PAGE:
Changes In America Since September 11, 2001 Term Paper

Length: 3 pages Subject: Terrorism Type: Term Paper Paper: #32771509 Related Topics: 9 11, Poverty In America, Pearl Harbor, The Pearl
Excerpt from Term Paper :

¶ … alarm woke me up. Crawling from bed to bathroom and back to bed, I lay there wishing I didn't have to go to school or work. I crept to the desk and turned on my computer before even thinking about getting dressed, eyes still half shut and glazed from a lack of sleep. Internet Explorer launched, automatically loading the Yahoo! Portal, where I half-heartedly read a handful of top news headlines, a brief local weather report, and checked e-mail, as I liked to do first thing in the morning. I thought nothing much of the odd yet typically newsworthy photo of a plane hitting the first World Trade Center tower. Must be an accident, I thought. Some small private jet veered off-course, its pilot perhaps drunk. "Plane hits building,' the headline read. "Terrorism suspected." Nothing surprising there; terrorism was a household word far before September of 2001. Terrorists bomb boats and buildings all the time. Even if it were terrorists, big deal -- they hit an indestructible edifice on a suicide mission. We're indestructible, impenetrable. No one attacks the United States.

By the time I got to work both buildings had fallen. The world changed that day. It changed the psyches of almost every resident of the United States and perhaps the whole of North America. It changed the political and economic landscapes of the world, turning stable balances of


It changed, or rather ended, the lives of millions of people in Afghanistan and Iraq. September 11 changed media discourse and popular rhetoric.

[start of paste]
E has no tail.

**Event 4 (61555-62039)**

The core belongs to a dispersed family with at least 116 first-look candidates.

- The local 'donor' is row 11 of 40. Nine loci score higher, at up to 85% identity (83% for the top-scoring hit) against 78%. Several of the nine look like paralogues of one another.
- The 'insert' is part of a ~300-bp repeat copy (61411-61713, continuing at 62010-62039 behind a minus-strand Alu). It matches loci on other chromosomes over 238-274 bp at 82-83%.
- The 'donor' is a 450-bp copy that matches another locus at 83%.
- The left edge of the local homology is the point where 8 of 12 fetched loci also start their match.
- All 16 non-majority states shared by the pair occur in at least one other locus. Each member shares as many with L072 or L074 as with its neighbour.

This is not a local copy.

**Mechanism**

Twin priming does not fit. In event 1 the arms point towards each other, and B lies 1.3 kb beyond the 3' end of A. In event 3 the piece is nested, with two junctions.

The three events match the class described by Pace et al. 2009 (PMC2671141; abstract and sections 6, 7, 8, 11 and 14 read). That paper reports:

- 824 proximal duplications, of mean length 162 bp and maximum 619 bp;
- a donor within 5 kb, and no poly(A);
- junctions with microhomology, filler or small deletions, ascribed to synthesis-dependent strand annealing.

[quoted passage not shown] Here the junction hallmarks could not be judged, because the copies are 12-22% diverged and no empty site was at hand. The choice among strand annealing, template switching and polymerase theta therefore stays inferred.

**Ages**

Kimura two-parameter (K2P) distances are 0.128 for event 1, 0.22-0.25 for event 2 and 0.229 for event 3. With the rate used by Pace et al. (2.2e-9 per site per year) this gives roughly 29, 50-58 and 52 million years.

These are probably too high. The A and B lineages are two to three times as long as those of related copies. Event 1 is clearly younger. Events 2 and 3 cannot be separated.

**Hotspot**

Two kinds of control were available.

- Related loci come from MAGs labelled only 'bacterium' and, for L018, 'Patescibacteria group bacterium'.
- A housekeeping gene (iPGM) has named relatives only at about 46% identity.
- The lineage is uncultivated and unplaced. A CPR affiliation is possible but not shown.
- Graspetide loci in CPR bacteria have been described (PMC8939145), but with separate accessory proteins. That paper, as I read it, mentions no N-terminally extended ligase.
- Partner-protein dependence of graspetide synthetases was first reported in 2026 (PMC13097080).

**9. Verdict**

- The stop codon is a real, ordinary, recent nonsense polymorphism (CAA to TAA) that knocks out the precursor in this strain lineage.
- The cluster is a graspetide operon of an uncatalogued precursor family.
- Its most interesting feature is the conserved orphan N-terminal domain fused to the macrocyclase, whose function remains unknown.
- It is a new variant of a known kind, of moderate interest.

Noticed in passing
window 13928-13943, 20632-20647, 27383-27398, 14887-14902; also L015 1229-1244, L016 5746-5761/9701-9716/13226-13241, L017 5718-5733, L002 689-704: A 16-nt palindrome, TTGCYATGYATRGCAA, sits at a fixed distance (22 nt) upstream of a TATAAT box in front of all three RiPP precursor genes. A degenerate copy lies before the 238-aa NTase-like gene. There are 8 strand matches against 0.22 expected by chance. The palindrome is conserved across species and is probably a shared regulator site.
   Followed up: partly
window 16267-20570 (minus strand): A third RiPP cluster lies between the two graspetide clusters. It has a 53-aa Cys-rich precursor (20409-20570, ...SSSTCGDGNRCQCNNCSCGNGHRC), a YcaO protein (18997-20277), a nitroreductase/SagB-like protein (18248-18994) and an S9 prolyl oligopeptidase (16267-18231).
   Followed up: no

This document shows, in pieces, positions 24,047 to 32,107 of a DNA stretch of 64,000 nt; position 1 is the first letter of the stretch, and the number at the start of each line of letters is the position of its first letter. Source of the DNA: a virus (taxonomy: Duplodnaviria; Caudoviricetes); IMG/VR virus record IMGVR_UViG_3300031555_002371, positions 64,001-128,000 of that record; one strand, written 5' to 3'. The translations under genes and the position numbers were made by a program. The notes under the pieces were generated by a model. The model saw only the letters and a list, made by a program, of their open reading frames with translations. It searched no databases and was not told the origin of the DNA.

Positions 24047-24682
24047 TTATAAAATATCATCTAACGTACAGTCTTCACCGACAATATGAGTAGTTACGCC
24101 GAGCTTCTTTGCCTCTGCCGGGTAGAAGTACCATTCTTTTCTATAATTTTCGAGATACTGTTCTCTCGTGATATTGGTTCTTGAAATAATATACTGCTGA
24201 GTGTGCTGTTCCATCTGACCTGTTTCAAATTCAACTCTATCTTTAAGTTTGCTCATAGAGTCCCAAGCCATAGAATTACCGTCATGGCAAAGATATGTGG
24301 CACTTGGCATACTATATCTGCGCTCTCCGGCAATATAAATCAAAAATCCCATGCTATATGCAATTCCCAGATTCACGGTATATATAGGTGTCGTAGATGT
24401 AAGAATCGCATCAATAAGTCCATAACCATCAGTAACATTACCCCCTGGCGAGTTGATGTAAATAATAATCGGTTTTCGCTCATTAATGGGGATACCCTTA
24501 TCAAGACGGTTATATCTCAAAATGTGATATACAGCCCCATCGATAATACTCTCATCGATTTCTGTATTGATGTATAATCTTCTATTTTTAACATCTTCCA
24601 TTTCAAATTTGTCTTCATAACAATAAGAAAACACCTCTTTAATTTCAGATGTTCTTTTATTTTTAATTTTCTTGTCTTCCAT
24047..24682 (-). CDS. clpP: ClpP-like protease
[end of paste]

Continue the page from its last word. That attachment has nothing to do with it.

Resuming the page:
Three years after the disaster, terrorism has gone beyond being a household word. Terrorism is now a political keyword, a hypnotic response word, even a word laced with racial and religious overtones. When the word is uttered, most people in the United States don't think of Colombia or Sierra Leone. They think of Saudi Arabians. Iraqis. Palestinians. Just about anyone who is, or even looks, Middle Eastern.

The term September 11 evokes far more than planes hitting the Manhattan twin towers and the Pentagon buildings, evokes far more than three thousand civilian lives lost in a day, evokes far more than the largest foreign attack on United States soil since Pearl Harbor. September 11 will from now on be a date that, like July 4, cannot be dissociated from its semantic significance. Just as July 4 means "Independence Day" and barbeques and summer fun, September 11 connotes terrorism, fear, and George W. Bush. In the wake of September 11, the public has all but forgotten to question the whereabouts and wheelings and dealings of the Al Qaeda organization, which claimed responsibility for the attacks. September 11 changed the world by giving the Bush administration a blank check with which to write off the lives of Iraqi people -- because presumably there was a connection between that nation and that…

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